Almost from the moment the decision was made to marry Peter Parker and Mary Jane, editors were looking for ways to erase it. Nobody wanted Peter to be a divorcee or widower, so that left only convoluted methods to end this vile abomination of a status quo. The Clone Saga famously began as a way for Peter and Mary Jane to ride off into the sunset and return a younger-seeming, unattached Spider-Man to the forefront. That didn’t work out, so next came John Byrne. His first attempt was to have Mary Jane appear to be killed in a plane crash, but despite how unlikable she sometimes became, nobody wanted to her to die. So instead, it turns out she was really kidnapped by an obsessed stalker, and Spider-Man had to find her and save her. (I’ve never actually read this story, so if I got the details wrong, whatever, you win.) The trauma of her imprisonment, and Peter’s continued adventuring, forces her to decide that they’re better off apart. (I’m guessing those were the reasons, because I’m not reading that comic in full.) Thus began the separation status quo, with Mary Jane out of the picture off in California, and Peter on his own but not really single in NYC. It was not a good look for either character. You either have to end the relationship, or embrace it (for all of JMS’ faults as a Spider-Man writer, and human being, at least he decided to depict the marriage as positively as possible) but keeping the marriage in limbo served no one.

(For the record, I think the McFarlane and Larsen runs had some of the best depictions of Mary Jane as a loving and supportive wife. They also had Jonathan Caesar, but that's a whole other topic.)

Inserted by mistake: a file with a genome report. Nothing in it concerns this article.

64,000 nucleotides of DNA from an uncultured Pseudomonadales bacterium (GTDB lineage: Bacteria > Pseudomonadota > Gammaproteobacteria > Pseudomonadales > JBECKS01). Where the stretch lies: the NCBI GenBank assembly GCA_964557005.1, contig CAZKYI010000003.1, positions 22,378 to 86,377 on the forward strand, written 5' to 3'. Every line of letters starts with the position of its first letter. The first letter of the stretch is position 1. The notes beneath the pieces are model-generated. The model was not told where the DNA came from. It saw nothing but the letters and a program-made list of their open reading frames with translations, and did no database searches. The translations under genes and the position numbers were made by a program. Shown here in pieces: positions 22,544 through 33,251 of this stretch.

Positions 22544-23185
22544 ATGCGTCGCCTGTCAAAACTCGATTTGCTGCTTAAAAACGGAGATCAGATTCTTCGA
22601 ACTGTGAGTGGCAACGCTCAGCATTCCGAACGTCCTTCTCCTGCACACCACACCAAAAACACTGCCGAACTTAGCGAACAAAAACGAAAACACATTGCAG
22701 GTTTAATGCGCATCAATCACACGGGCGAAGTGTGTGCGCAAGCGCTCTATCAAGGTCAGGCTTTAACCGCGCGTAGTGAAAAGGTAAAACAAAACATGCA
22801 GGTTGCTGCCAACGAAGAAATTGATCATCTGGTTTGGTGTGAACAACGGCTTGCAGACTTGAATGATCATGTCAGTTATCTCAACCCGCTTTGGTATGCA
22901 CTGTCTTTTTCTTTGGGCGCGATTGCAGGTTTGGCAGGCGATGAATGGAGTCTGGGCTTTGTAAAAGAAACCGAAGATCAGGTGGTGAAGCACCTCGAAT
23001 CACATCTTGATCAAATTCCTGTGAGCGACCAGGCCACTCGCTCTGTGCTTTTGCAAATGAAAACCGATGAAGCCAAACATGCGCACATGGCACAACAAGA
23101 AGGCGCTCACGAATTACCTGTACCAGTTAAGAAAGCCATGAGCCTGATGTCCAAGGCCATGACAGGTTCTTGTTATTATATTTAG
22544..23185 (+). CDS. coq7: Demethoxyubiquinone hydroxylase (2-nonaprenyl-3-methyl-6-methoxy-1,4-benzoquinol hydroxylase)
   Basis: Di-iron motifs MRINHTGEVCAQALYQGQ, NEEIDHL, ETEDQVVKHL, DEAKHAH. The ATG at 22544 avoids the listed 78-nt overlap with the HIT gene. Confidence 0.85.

Infidelity, abandonment, cigarettes, and dancing. Not a good look for what was once one of the best supporting characters in the Spider-Man comics.

That's not even mentioning the other terrible subplots we were subjected to that were not her fault. It may not have been her fault in-story that she was sexually harassed by Jonathan Caesar in a story that refused to ever end, but it's not like we would have ever had to read it if she didn't become Spider-Man's wife. To be clear, I'm not blaming the victim in any way, I'm blaming the creative teams for believing that would be even remotely interesting to read. I do not like reading or watching anything like that, ever. I actively choose to avoid fiction like that. Beyond that, there were the little dramas that came with being, and I hate even typing this, a soap opera star. Nothing says fun-filled superhero action like Mary Jane being chastised by overzealous elderly fans. Hey kids, this issue Mary Jane and Aunt May get in a spat over Peter's best interests! Excelsior!